Rain splattered against the slim fabric hood that was pulled over his head. The water leaked through the flimsy fabric and pressed into his hair, making the strands clump and drip down the back of his shirt. The sky was the colour of dusty ash left too long in the fireplace and the air was thick with ozone.
Trent shivered and pulled the hoodie closer as he tried to keep some semblance of warmth against his skin. The forecast had predicted a beautiful, sunny spring day with a temperature of twenty degrees centigrade. The sun had lasted until he’d stepped out of the office to go home after a nine-hour shift trapped behind a dusty window. He’d touched the pavement and the clouds had loomed in as a virtual monsoon opened above his head.
Walking to work was as much of a blessing as it was a curse. He had no car payments, but he was stuck walking through any storm that decided to roll in. Clouds had a habit of waiting until he left the safety of the building before they unleashed their wrath.
The cracked sidewalks were stained dark with pools of water gathering in every dip and cranny. The few buildings around him were lit up bright against the grey sky, and their signs beckoned anyone who happened to be passing by. Their brick was antique, with lines of grout that had crumbled over time. It gave them more character than the new-builds in an actual city. Their bleached Christmas lights, that were meant to be spring decorations, were charming and the most modern thing about them besides the updated espresso machine in the café.
A burst of yellow swerved along the slim street, and its tyres splashed through the puddle of a blocked storm drain. Water burst up like the landing of a flume ride and smacked against Trent. Gravel and bits of sodden leaves struck him, sticking and clinging to every light hair on his naked shins. A trail of sand curled down his forehead and dripped into his eye.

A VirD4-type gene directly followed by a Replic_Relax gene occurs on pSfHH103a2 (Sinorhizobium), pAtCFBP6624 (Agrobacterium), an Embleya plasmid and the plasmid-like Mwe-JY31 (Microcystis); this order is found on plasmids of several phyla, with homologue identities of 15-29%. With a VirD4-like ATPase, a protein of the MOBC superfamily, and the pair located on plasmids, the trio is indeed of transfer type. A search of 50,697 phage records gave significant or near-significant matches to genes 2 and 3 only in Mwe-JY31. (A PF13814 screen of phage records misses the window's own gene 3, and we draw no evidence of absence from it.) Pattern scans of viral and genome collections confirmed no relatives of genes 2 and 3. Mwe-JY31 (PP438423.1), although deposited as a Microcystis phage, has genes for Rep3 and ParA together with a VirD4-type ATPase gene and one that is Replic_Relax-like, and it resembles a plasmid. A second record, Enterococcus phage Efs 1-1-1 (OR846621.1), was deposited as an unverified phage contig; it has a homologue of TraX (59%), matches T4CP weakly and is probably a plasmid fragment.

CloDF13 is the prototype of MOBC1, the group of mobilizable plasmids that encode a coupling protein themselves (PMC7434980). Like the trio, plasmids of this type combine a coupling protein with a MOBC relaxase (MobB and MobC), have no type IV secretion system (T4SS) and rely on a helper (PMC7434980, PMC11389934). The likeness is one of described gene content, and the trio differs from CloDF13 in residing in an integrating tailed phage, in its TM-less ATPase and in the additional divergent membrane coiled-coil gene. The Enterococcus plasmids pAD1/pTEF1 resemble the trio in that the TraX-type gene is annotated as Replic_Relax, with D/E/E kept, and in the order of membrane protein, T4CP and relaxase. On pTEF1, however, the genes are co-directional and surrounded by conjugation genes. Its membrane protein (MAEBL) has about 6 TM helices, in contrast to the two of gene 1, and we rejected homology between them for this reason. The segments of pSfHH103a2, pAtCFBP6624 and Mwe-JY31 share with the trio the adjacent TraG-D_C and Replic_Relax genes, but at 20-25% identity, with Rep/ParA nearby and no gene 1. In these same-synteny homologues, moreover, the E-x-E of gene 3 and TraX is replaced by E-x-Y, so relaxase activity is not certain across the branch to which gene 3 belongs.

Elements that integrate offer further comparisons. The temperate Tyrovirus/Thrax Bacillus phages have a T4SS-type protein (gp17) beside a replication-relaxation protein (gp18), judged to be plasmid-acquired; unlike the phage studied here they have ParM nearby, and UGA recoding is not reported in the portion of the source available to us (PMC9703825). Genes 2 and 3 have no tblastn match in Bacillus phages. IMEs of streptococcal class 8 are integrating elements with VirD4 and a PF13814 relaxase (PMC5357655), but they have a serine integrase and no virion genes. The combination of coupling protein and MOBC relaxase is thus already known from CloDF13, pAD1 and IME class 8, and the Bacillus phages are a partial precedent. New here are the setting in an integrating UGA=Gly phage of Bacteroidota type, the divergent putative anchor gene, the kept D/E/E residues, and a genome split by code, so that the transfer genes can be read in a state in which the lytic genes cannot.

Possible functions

“Dammit,” he spluttered as thick mud trailed down into his mouth. The taste of tainted water and decomposition made him gag and he spat into the swirling mass around his feet that was searching for a way through the cracked sidewalk. He stopped to watch as the yellow Corvette straightened and swerved back away from the kerb where it had struck the puddle that had completely drenched him. It was a manoeuvre he might expect out of a teenager who might deliberately try to soak unsuspecting pedestrians.
Instead of pulling straight along the thin road, the Corvette kept turning as it lost control on the plane of water. It looped back to the other side of the street and directly into oncoming traffic. There was no squealing of tyres or frantic running as doom approached, only the patter of rain on his soaked hood.
A rusty feed truck, tracking towards the light in the opposite lane, cleared the Corvette by a few centimetres, blaring its horn as the car crossed its path. The yellow machine swerved again, its tyres finally catching and squealing as they threw off bits of black rubber. Trent could just make out the frantic movements of the driver through the dark, tinted windows. His stomach clenched and the hairs raised on the back of his neck as he watched the scene unfold.
Sounds gurgled together as metal struck metal. The pop of tyres burst against his eardrums, accompanied by the squeal of aluminium and the snapping of glass. The muffled thud of airbags joined the fray a second later, then a shout as the bumper of the Corvette crumpled into a parked suburban van.
Trent was moving before he’d fully registered the crash. The mud and leaves were forgotten as his hood fell back and the rain pounded against his face. One of his sandals, slick with slimy water, slipped from his foot, nearly sending him down in the middle of the road. He managed to recover, running lopsided with one foot aching as it slapped against rough pavement.